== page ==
James Madison Papers

From James Madison to Thomas Jefferson, 8 February 1799

To Thomas Jefferson

Feby. 8. 1799

Dear Sir

I did not receive your last favor of the 16th. Ulto. till the Mail after it was due, with the further delay of its coming by the way of Charlottesville. The last Mail brought me not a single Newspaper, tho’ it was before in arrears. That there is foul play with them I have no doubt. When it really happens that the entire mass cannot be conveyed, I suspect that the favorite papers are selected, and the others laid by; and that when there is no real difficulty the pretext makes room for the same partiality. The idea of publishing the Debates of the Convention ought to be well weighed before the expediency of it, in a public as well as personal view be decided on. Besides the intimate connection between them, the whole volume ought to be examined with an eye to the use of which every part is susceptible. In the Despotism at present exercised over the rules of construction, and the Counter reports of the proceedings that would perhaps be made out & mustered for the occasion, it is a problem what turn might be given to the impression on the public mind. But I shall be better able to form & explain my opinion by the time, which now approaches when I shall have the pleasure of seeing you. And you will find the advantage of looking into the Sheets attentively before you finally make up your own. I have had a glance at Gerry’s communications & P’s Report on it.1 It is impossible for any man of candor not to see in the former, an anxious desire on the part of France for accomodation, mixed with the feelings which Gerry satisfactorily explains. The latter displays a narrow understanding and a most malignant heart.2 Taken however in combination with preceding transactions it is a link that fits the chain. The P. could not do less in his Speech than allow France an option of peace, nor his Minister do more than to insult & exasperate her if possible into a refusal of it.

Inclosed is a letter to Barnes3 with two orders which I hope will suffice both for you & him. Should there be any deficit I can now make it up here on your return where possibly it may be more convenient for you to receive it. I inclose also a few more observations which are submitted to your discretion, under the usual reservation.4 They were sketched prior to the arrival of P.’s Report, to which they may appear to have reference; or they might have assumed still more of that aspect. The impression of your Seals have not been very distinct, but there has been no other suspicious circumstance attending them. I put into the letter to Barnes, the last of them that you may judge yourself of the appearance. If you find it not inconvenient in your Strolls to buy me a cheap diamond* & bring it with you, I shall be obliged to you to take that trouble. An indifferent one which I borrowed was lost, and I wish to replace it.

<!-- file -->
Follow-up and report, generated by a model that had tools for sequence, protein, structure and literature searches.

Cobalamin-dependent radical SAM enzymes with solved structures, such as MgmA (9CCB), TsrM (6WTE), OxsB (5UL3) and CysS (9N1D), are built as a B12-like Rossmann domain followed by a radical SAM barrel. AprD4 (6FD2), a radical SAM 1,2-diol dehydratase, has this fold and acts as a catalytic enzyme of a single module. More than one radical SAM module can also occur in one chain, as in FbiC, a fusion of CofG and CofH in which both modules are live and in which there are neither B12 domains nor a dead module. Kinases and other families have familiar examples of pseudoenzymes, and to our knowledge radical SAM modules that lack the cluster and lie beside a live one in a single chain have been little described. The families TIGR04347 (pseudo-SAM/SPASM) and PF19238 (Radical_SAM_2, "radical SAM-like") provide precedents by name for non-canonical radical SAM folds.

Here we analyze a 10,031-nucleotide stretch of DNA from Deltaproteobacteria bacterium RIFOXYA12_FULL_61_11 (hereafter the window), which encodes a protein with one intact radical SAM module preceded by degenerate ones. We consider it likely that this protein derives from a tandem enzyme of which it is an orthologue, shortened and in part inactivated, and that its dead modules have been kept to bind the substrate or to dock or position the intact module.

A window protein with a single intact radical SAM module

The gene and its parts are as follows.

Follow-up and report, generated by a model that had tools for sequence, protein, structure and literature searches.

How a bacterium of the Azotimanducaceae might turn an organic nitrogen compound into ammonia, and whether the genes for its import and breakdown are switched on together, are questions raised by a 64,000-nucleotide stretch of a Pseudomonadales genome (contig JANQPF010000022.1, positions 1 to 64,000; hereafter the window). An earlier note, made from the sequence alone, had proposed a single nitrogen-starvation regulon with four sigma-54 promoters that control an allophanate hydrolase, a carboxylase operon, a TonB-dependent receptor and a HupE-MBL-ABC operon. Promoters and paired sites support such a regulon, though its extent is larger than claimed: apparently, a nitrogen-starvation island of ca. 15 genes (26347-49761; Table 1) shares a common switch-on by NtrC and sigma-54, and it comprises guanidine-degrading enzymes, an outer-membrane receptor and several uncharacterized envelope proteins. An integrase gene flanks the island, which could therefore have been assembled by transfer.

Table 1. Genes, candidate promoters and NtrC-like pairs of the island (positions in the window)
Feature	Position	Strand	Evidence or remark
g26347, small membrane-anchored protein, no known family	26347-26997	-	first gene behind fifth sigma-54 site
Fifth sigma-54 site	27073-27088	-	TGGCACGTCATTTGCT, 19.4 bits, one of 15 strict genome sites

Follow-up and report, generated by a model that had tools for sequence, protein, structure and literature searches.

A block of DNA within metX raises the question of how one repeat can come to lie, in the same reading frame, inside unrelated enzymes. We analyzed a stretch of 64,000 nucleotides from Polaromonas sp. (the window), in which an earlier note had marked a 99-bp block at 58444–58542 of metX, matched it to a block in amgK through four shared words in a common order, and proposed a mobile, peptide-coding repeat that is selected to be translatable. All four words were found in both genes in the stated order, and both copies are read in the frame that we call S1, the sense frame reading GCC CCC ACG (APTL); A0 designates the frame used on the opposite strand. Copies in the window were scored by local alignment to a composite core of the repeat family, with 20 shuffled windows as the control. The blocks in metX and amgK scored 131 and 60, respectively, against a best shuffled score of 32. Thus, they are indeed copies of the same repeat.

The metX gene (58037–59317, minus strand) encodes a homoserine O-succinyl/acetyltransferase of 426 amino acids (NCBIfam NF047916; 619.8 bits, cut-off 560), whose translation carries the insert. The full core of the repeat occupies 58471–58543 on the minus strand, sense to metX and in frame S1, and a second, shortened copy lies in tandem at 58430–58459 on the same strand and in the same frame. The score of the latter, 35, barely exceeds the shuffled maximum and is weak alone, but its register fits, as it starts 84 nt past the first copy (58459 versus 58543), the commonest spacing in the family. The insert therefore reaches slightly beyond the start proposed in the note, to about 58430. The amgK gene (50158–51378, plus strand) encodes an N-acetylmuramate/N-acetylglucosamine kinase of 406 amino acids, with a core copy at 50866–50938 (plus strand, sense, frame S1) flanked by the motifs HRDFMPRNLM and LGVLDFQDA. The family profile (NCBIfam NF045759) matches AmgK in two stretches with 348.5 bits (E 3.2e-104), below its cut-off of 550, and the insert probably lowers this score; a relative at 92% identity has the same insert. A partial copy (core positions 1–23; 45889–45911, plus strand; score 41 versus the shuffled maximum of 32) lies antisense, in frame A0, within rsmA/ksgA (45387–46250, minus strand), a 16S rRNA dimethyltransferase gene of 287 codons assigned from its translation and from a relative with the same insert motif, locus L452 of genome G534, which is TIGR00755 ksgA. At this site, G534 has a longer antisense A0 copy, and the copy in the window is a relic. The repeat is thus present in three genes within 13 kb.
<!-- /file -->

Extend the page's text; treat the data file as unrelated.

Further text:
RC (DLC). Unsigned. Docketed by Jefferson, “recd Feb. 19.”

1Elbridge Gerry’s correspondence with the French foreign ministry was submitted to Congress on 18 Jan. 1799 and published by order of both houses as a Message from the President … Accompanying Sundry Papers relative to the Affairs of … the French Republic (Philadelphia, 1799; Evans description begins Charles Evans, ed., American Bibliography … 1639 … 1820 (12 vols.; Chicago, 1903–34). description ends 36551 and 36552). The letters were also printed in the Philadelphia Aurora General Advertiser from 24 to 31 Jan. 1799. On 21 Jan. the president sent to Congress Timothy Pickering’s analysis of the Gerry correspondence. It was published as a pamphlet under the title, To the President of the United States, the Secretary of State Respectfully Submits the Following Report on the Transactions Relating to the United States and France (Philadelphia, 1799; Evans description begins Charles Evans, ed., American Bibliography … 1639 … 1820 (12 vols.; Chicago, 1903–34). description ends 36592). In these long observations, Pickering made three points: that France was attempting “to exculpate itself from the charge of corruption” in the demand for a douceur; that France wished “to detach Mr. Gerry from his colleagues” in order to conduct “a separate negotiation”; and in the event the negotiation failed and war was declared, that France wished “to throw the blame of the rupture on the United States.” The report was printed in the Philadelphia Gazette of the U.S. on 23 Jan. 1799. JM’s copies of both pamphlets are in the Madison Collection, Rare Book Department, University of Virginia Library.

2At a later time someone circled “displays a narrow understanding and a most malignant heart” in the preceding sentence and “it” in the following sentence, apparently with the intention of omitting the words from a printed copy.

3Letter not found.

4See Madison’s Aurora General Advertiser Essays, 23 Jan.–23 Feb. 1799.

Authorial notes

[The following note(s) appeared in the margins or otherwise outside the text flow in the original source, and have been moved here for purposes of the digital edition.]

* for Cutting Glass.

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